Water and Labor Drying Up
Water and labor shortages are huge issues in the area, impacting not just produce businesses but all of California. “They’re calling it a permanent drought now,” Kyle Loveness, manager at J.C. Cheyne & Company, points out. “We used to get potatoes from California; now they’re mostly coming from Oregon, Washington, and Idaho. And there isn’t really a solution,” he contends, “just raising prices and rationing water.”
“Water is a hardship for farmers,” agrees Tombari, with many drilling wells to find more groundwater. The drought, he believes, will not only change how farmers grow, but what they grow. Labor is another part of the equation, with some growers not even planting or harvesting because of the lack of affordable workers. “The labor market is tight because the city has mandated minimum wages and all these fees; it makes it expensive to operate, and labor is tight because workers can make a lot money in jobs other than agriculture.”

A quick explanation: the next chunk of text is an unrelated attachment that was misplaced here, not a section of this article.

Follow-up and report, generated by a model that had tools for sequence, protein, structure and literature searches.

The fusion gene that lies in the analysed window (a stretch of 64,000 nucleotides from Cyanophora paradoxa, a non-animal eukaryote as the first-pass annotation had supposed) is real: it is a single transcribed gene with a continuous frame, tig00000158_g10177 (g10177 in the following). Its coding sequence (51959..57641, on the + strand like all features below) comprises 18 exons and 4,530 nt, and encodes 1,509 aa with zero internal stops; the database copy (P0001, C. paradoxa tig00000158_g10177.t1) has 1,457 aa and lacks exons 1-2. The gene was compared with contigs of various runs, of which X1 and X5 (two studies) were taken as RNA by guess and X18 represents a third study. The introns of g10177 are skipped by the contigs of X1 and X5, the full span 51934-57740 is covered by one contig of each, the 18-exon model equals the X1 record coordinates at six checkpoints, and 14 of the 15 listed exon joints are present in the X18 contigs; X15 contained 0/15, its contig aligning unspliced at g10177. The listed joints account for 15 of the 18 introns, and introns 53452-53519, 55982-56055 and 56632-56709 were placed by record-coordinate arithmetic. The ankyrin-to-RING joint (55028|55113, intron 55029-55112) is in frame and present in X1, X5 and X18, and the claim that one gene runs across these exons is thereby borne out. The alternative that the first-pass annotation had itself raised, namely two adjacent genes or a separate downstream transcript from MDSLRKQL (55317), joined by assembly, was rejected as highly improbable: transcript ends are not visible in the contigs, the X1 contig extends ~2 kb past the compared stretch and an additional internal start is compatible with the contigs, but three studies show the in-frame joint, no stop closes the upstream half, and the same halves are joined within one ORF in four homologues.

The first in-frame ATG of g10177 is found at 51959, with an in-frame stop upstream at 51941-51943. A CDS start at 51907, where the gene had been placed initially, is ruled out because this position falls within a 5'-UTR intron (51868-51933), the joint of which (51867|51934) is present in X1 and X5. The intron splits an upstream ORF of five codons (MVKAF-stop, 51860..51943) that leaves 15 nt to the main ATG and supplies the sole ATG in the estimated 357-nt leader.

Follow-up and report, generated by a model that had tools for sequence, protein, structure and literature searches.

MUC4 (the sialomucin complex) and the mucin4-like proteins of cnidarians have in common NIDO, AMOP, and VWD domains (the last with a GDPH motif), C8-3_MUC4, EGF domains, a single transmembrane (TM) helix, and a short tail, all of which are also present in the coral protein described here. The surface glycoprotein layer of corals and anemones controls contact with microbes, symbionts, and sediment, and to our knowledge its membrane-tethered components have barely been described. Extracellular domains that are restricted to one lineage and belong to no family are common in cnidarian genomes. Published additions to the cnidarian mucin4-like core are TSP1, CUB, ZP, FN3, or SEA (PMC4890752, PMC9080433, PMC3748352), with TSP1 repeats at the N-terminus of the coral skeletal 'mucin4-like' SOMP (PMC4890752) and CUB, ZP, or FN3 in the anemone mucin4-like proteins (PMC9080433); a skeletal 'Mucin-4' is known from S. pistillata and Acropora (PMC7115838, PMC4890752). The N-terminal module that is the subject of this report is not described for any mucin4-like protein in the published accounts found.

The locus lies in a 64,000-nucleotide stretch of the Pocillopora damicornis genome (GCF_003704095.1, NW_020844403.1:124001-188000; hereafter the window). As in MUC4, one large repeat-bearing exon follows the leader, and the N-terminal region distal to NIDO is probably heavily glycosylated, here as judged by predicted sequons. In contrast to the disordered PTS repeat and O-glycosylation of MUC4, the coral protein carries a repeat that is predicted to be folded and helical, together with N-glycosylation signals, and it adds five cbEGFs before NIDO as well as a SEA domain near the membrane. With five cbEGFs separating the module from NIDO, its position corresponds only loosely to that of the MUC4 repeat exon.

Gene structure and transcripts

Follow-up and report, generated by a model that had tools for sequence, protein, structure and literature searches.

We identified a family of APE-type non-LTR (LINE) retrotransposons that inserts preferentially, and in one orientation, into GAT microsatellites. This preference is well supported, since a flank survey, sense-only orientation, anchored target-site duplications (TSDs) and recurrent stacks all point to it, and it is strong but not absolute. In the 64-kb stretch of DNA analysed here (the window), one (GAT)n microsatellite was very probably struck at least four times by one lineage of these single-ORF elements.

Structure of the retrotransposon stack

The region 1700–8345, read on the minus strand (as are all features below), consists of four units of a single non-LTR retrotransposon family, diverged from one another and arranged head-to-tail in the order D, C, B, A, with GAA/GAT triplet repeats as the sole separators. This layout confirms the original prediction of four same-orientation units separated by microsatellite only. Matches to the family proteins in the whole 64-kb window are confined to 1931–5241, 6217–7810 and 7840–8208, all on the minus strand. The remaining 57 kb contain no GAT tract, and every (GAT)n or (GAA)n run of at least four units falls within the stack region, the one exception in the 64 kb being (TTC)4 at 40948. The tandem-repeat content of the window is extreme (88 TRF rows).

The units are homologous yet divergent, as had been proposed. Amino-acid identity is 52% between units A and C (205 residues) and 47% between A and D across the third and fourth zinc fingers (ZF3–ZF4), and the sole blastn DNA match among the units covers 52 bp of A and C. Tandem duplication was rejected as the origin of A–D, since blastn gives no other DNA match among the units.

There is some light at the end of this particular tunnel. Tombari says millennials are pushing “a new back-to-the-land movement” and are interested in growing organic produce. “That’s encouraging and maybe it’s a hopeful sign.”
In spite of the very real challenges of water and labor for California growers, the San Francisco produce scene is thriving with demanding customers who are both willing and able to pay for quality, organics, and innovation. This continues to drive the city’s markets with wholesalers finding their niches, and retailers and restaurants capitalizing on the quest for fresh, local, and specialty produce.
Images: my leap year & Rafael Ramirez Lee/Shutterstock.com